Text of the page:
NSW new regional children and families saved long-distance travel with new hospital outreach clinic

Families in regional NSW can now access specialist cardiac care closer to home, thanks to a new outreach clinic providing echocardiograms for regional children with heart conditions.

The outreach clinic is an initiative of Sydney Children’s Hospitals Network (SCHN) and is being hosted at South East Regional Hospital (SERH), Bega.

Minister for Regional Health Ryan Park said the clinic will play a crucial role in connecting high quality healthcare to children in the region.

“Children with congenital heart disease, rheumatic disease, or acquired cardiac disease often require regular heart screening via an echocardiogram, which must be performed by a specialist paediatric cardiologist,” Mr Park said.

“The specialised services provided by SERH’s outreach clinic will support the health and wellbeing of children from the beginning, therefore allowing us to attend to the long-term health of the community.”

Member for Bega, Dr Michael Holland said that the outreach clinic will utilise specialists from SCHN visiting SERH with the equipment to perform echocardiograms.

“The clinic provides an excellent opportunity for us to enhance health accessibility in the area by collaborating with our regional colleagues, connecting specialised services and upskilling their teams in paediatric care,”  said Dr Holland.

SERH Paediatrician, Dr Caroline Stewart, said the three-day clinic, which launched this month, will run four times a year and is expected to help more than 20 families per clinic avoid a trip to Sydney.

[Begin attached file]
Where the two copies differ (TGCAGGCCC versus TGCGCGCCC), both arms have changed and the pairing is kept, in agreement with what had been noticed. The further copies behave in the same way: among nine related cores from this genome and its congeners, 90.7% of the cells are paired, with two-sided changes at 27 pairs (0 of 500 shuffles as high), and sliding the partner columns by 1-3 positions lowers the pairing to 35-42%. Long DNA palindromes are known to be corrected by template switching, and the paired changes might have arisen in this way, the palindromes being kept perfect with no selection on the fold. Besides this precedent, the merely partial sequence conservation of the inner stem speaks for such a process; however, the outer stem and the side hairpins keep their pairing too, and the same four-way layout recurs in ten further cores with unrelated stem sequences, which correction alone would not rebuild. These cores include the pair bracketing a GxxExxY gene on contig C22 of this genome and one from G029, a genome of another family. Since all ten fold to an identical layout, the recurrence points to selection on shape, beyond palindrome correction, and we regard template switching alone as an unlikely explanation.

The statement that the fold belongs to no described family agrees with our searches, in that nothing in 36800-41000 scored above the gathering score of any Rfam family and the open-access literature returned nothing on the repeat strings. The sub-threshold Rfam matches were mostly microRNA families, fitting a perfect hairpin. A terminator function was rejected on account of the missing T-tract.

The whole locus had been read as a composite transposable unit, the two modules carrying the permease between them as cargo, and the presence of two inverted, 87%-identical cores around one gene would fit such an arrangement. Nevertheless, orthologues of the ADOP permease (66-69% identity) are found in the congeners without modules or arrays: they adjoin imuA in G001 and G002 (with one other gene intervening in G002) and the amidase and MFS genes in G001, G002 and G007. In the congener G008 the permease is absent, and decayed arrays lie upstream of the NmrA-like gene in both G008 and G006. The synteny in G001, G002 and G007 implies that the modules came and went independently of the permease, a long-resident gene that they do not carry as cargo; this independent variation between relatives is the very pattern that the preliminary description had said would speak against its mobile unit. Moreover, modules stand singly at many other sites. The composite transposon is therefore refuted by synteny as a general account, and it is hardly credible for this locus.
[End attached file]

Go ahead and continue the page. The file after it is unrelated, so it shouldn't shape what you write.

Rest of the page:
“We see children from birth to 16 years old with complex conditions from as far south as Mallacoota, north to Bateman’s Bay and west to Jindabyne, so to save even one trip per year makes a huge difference to regional families and the child’s quality of life.”

Dr Philip Roberts, Head of the Heart Centre for Children at SCHN, said keeping kids closer to home is the ultimate goal.

“We know the strain placed on a family when they are required to travel hundreds of kilometres from home for medical treatment, so our hope with this outreach clinic is that we can help avoid that inconvenience for some of our families, by bringing our care directly to them,” Dr Roberts said.

Southern NSW Local Health District Clinical Lead Paediatrics, Dr Susie Piper, said being able to offer the service locally is an incredible achievement.

“We have 23 families who would otherwise have to travel to Sydney or Canberra. For the families, knowing the clinic is going to be here every three months, and being able to come to a local clinic is great,” Dr Piper said.

“Our five paediatricians and nursing staff will also benefit from this specialist screening on site and there are teaching opportunities as well with our medical students from the Australian National University.”

For four-year-old Isaac Shearer and his family, having the test at Bega will save them the long, overnight trip from Bateman’s Bay to The Children’s Hospital at Westmead in Sydney.

Isaac has a genetic condition called Marfan Syndrome and has regular appointments in Sydney for his condition. Mum Sarah Brierley is happy this new clinic will now save them at least one trip per year, when Isaac was younger and had more regular tests it would have saved them multiple trips.

The outreach clinic forms part of the Cardiac Care for Kids Outreach Program, a pilot program run by SCHN in collaboration with federal Department of Health. The program aims to extend outreach medical and nursing support services to rural and remote communities and their local health care facilities.

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